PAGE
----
Although it sounds convoluted, Verhoeven does manage to tie his loose ends quite nicely. Yet he opts to close outside the frame narrative with a shot over the kibbutz as soldiers fire guns and war continues to surround Rachel. It's a foreboding statement about the constancy of war that seems forced, which is a feeling that pervades this film.
There's a push and pull that just isn't natural, a jerky flow of stop and start emotions that's exhausting. The high-intensity scenes appear without warning. One minute you're watching star-crossed lovers gaze into each other's eyes, and then bombs fly out of the sky. Perhaps that's the reality of war. Maybe Verhoeven is trying to show us nothing is as it seems during war and that duality is ever-present (i.e. not all Germans are Nazis and not all the allies were saints). Thing is, it's sort of a moot point since every other film about the Holocaust already made the same assertions. All Verhoeven added was a lot more sex and a few more explosions.
Movie Guru Rating:
Arguably the best Hollywood Holocaust film ever produced, Schindler's List (1993) manages to be emotionally gripping without ever seeming heavy-handed. That's especially surprising given the fact that director Steven Spielberg, who won an Academy Award for his work on Schindler's List , has rarely shied away from schmaltz.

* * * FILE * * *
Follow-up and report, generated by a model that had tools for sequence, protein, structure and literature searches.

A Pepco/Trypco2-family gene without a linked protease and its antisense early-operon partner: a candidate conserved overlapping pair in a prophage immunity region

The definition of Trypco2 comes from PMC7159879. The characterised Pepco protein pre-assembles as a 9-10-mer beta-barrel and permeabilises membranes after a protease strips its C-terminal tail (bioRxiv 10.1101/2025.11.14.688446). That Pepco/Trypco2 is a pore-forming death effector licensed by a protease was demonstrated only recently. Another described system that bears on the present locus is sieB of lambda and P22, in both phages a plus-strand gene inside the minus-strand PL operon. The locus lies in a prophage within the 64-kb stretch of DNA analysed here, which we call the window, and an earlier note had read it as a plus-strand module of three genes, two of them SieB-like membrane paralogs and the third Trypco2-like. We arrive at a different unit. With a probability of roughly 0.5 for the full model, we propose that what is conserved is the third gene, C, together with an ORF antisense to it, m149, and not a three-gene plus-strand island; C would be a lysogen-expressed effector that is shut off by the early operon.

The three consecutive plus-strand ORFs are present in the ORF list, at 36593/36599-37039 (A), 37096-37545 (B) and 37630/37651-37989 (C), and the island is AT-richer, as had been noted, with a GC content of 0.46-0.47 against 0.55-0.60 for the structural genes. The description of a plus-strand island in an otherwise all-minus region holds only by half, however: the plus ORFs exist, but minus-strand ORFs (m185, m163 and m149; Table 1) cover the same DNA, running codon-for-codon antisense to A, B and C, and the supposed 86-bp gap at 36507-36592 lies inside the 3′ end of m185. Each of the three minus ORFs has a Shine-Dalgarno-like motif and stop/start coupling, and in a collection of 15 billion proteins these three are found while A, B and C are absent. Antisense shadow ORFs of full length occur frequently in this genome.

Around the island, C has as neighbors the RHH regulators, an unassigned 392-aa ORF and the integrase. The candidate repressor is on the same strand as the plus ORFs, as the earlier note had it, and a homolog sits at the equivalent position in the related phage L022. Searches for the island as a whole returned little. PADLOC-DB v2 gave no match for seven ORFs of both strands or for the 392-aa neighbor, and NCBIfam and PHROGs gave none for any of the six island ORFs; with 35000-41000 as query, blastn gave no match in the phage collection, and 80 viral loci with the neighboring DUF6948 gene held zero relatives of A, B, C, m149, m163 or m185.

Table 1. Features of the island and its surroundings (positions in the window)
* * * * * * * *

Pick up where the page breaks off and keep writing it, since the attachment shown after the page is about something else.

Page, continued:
The movie is based on the wartime ventures of Oskar Schindler, a Czech businessman who moved to Krakow, Poland in 1939 in hopes of making his fortune by selling inexpensively manufactured metal wares to the resurgent German war machine. In the early going, he employed Jewish dissidents to work in his factory because their labor was cheap; by the end of World War II, his operation had become the means by which hundreds of Jews escaped an almost certain death at Auschwitz, at great personal cost to Schindler himself.
As much a subtle character study as it is a Holocaust movie, the film is the story of how Schindler evolved from a shameless privateer to discover the humanity that lay dormant within his callused soul. Six-foot-four Liam Neeson stands tall in the leading role. His transformation from an imperious philanderer to a man of conscience is accomplished with subtlety rather than soliloquizing; slowly but inevitably, we see the mounting moral uncertainties crack the aloof veneer of his patrician countenance.
Other standout performances come from Ben Kingsley as Itzhak Stern, a steadfast member of the local Jewish Council who becomes Schindler's right-hand man, the angel on his shoulder; and Ralph Fiennes as SS officer Amon Goth, one of the most memorably abhorrent Nazi commandants in modern movie history. It is Fiennes' genius that Goth comes across as the devil in jackboots not through mad histrionics, but because of the casual wantonness with which he indulges his cruelties.
Filmed almost exclusively in moody black and white, the 195-minute Schindler's List is a long and often grim journey, but a rewarding one. The only blatantly manipulative moment is in the present-day epilogueâ"in which the actual survivors from the factory are shown walking in solemn procession past Schindler's grave. But by that point, Schindler's List has driven home its message of hope and redemption in the face of atrocity with such stirring clarity that we not only forgive, but embrace Spielberg's lapse into sentiment. â" Mike Gibson